Jack Thompson, a longtime member of the Colorado Springs Mineralogical Society is an expert in judging competitive display cases.
I usually attend the "main event" in order to see the various display cases and ogle at the minerals and wonder why my expeditions have never produced such fine specimens? This year was a little different as my newly replaced knee and my upcoming new hip really slowed down the walking. I was essentially confined to the center stage of the Mart and unable to visit the various hallways with fine mineral and fossil dealers. But, I am hopeful that the new body parts will allow much more mobility in the near future!
My favorite display was Minerals and the Instruments used to Study Them exhibited by Dan and Dianne Kile.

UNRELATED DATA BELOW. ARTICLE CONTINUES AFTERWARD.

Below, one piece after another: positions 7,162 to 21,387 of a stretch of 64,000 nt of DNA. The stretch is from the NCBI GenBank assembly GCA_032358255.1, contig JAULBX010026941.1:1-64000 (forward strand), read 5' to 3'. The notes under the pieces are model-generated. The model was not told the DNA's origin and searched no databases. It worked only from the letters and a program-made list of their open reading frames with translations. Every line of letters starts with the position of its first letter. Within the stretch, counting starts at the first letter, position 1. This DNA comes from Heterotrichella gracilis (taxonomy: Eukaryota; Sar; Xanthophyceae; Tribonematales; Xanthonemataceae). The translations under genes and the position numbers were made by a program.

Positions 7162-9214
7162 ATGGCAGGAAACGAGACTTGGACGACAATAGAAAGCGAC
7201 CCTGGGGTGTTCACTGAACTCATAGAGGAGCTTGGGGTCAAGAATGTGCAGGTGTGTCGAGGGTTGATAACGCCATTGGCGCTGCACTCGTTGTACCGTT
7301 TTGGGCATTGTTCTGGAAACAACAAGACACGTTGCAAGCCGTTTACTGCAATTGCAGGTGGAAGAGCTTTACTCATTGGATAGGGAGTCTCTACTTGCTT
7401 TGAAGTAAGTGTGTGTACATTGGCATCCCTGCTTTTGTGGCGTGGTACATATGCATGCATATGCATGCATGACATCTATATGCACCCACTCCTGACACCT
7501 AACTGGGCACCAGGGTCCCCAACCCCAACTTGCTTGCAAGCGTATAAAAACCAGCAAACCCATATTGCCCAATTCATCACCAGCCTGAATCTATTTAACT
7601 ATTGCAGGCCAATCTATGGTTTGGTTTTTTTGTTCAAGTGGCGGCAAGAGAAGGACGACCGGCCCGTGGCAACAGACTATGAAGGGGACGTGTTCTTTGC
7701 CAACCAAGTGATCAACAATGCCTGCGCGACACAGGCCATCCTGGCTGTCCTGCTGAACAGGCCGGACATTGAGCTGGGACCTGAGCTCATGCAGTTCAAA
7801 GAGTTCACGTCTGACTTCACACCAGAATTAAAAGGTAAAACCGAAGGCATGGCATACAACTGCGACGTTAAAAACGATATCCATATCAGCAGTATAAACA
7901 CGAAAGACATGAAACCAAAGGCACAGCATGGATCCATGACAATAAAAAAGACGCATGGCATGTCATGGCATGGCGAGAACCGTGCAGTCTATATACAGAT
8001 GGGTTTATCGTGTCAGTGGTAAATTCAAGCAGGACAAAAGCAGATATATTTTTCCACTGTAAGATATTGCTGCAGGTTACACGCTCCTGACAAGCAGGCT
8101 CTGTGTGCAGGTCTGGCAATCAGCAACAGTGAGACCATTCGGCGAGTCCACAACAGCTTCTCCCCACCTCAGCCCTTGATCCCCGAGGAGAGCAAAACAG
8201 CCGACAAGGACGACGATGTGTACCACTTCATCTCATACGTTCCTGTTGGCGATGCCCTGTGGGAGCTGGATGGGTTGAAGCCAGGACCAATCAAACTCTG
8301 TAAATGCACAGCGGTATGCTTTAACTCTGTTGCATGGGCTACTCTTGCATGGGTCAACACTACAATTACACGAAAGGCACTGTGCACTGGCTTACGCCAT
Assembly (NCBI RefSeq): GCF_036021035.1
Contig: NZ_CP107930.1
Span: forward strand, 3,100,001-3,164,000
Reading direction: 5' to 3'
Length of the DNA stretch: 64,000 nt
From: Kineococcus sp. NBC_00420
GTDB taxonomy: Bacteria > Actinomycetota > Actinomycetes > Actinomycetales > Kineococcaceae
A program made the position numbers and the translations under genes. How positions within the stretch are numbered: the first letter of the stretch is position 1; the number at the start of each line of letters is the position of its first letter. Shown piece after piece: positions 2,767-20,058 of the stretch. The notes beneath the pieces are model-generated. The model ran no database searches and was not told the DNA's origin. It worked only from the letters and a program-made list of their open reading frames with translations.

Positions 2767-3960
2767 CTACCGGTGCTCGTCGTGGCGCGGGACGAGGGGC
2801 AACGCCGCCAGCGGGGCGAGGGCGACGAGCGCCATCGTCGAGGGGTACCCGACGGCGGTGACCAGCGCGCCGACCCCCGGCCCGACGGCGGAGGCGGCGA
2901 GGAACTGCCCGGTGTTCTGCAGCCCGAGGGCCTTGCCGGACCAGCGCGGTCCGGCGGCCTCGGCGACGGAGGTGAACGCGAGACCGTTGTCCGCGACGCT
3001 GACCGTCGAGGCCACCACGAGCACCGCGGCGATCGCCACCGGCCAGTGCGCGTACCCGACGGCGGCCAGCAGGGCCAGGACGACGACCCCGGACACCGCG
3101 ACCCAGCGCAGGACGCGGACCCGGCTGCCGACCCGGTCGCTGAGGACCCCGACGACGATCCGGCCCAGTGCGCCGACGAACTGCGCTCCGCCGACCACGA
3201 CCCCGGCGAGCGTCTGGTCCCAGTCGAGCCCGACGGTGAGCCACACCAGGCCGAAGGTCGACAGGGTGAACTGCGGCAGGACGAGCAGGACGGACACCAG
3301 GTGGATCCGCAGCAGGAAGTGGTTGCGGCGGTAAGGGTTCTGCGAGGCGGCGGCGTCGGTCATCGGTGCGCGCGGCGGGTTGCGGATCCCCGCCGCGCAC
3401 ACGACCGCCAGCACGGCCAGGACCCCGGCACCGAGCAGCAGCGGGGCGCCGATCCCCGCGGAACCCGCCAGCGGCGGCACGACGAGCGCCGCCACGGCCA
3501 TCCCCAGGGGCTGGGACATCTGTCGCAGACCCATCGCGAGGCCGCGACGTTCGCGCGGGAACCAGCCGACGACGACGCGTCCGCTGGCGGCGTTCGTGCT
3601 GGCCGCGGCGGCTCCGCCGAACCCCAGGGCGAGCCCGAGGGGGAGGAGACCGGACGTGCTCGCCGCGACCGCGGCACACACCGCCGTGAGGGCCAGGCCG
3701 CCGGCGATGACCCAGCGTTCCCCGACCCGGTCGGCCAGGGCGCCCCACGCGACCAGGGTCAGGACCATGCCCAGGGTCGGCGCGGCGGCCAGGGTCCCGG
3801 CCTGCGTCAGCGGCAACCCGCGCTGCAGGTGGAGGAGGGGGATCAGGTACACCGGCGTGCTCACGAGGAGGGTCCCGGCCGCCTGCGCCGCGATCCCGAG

The theme for the 48th Show was Minerals of the Southwest so I expected numerous specimens of Arizona azurite and malachite; the exhibits did not disappoint. There were several cases displaying minerals from Utah, especially large nodules of variscite and crandallite. These two aluminum phosphates are greatly sought after by collectors, especially those collected form the Little Green Monster Claim in Clay Canyon near Fairfield in Utah County. This mine was worked by two collectors with connections to the Colorado Springs Mineral Society---Ed Over and Art Montgomery.
The green to yellow phosphate nodules containing variscite [AlPO4-2H2O] and crandallite [CaAl3(PO4)(PO3OH)(OH)6] collected from the Little Monster Claim are probably the “best in the world.”
|This specimen came from Arizona and is a great azurite.|
I have never collected Arizona Fire Agates but certainly observe such in dealer displays.
|Beautiful malachite from the Bisbee Copper Queen Mine.|